Much of it is based on fear and ignorance – no-one wants to be the first to admit they don’t understand the technology that’s running their business, and they would rather maintain the pretence that they do than consider the possibility there might be a better way of doing things.
It can be tempting to imagine it’s a generational thing, but I’m not convinced that’s the case. It’s true that younger people are more tech savvy or tech curious than their elders, but that doesn’t mean they fully understand how the underlying technology works.
A range of skills is needed to engage with technology smartly, and just being young doesn’t provide people with those skills. Some of the most digitally engaged people I have encountered are over 50 or even 60.
The reality is that most people running and working in UK businesses, no matter what their age, have no deep understanding of technology. They are getting by, day-to-day, by the skin of their teeth, using Microsoft Outlook and Word and hoping no-one deletes their shortcuts.
When we do training courses for cloud-based Google systems, we find that, for many people, it’s the only tech training they have had in their lives.
The general level of technological skill in a UK company is shockingly low, because so few business owners and leaders see it as a priority. Most don’t think it’s important, and that is reflected in our country’s comparatively low productivity levels, versus comparative economies.
There used to be a saying that ‘nobody got fired for buying IBM’ and today the same can be said for Microsoft.
Because it’s perceived that everyone uses the same, market leading software – and nobody wants to rock the boat by questioning whether that is actually the right and safe thing to do – nothing much ever changes.
It’s extremely rare to see genuine leadership – a business leader saying, ‘I want to take us from A to B and I want to work out the best way to do that’. In most cases managers will make decisions based on the least chance of them being fired if it goes wrong.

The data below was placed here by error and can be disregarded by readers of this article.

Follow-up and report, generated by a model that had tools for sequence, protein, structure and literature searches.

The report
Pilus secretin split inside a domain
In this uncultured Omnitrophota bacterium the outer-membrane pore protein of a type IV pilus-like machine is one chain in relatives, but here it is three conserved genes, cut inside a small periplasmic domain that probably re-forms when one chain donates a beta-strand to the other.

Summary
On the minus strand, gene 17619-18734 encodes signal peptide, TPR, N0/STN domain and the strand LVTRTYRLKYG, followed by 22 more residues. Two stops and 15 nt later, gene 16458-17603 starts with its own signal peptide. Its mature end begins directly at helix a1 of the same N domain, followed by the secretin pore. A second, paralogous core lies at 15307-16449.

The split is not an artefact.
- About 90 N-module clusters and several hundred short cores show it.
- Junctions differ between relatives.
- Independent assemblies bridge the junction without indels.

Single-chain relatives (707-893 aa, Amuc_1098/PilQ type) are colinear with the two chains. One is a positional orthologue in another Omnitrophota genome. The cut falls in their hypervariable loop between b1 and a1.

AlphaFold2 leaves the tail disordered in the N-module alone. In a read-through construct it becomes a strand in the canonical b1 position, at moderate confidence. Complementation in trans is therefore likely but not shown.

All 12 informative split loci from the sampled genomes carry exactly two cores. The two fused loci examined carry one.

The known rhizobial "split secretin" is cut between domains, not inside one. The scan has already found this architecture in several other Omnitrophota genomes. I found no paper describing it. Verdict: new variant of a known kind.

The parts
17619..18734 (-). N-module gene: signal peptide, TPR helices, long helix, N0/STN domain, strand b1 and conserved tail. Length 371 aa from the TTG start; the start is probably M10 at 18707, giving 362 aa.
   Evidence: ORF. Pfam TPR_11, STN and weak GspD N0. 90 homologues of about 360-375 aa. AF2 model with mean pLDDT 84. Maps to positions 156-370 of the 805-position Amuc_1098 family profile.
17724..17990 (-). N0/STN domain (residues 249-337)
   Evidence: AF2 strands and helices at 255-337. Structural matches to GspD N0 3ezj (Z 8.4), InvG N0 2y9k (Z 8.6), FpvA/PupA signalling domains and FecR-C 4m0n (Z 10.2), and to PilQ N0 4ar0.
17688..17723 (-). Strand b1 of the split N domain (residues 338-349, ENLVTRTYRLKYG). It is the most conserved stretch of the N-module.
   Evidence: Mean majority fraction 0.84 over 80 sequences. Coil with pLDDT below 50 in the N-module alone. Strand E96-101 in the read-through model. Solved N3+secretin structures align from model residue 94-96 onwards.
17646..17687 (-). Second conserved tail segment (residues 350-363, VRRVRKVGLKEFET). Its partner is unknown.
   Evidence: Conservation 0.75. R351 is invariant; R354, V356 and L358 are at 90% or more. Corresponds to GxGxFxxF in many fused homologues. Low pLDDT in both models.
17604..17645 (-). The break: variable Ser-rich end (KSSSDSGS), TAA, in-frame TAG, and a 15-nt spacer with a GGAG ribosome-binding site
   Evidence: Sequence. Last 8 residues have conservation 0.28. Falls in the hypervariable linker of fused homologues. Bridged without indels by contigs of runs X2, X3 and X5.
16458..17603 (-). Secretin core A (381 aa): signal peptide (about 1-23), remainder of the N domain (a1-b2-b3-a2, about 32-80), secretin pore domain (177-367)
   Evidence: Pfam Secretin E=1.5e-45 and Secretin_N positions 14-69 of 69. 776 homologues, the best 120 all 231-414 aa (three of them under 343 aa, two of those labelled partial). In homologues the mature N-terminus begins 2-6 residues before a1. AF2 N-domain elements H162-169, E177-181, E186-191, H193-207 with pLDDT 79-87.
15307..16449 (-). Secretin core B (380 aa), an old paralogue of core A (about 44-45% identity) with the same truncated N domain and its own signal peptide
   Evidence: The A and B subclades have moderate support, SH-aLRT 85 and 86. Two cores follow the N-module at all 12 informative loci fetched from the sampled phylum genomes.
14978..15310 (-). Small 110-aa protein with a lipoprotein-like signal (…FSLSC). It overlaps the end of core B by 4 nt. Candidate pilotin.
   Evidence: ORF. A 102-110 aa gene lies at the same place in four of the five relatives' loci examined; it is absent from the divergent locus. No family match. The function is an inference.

If there was to be an exception, one imagines it should be around security but, as we have seen with the example mentioned above, even a catastrophic cyber-attack is not enough to convince some business owners to embrace change.
Had that company spoken to us, we could have provided them with a cloud-based system that would guarantee, 100% that they would never again suffer a ransomware attack.
Instead, they opted to spend potentially tens of thousands of pounds bolstering their existing systems with multiple antivirus and security add-ons, that might prove effective only until the next security breach happens.
Our option is viewed as radical, while it’s seen as perfectly sensible for a company to have its staff sitting about reading novels for three weeks, while its IT people scramble around trying to rescue their existing system.
It may seem like madness, but I’m convinced some owners would sooner go bust because it’s easier to imagine the end of their business than to make a strategic choice about which technology to use.
In the modern business world, we all have to be change managers, and the evidence to date is that, for some owners, it remains an insurmountable challenge that exists only in their minds.
Colin Bryce is Managing Director of Cobry, a Glasgow-based digital transformation company and Google Cloud partner
Global Banking & Finance Review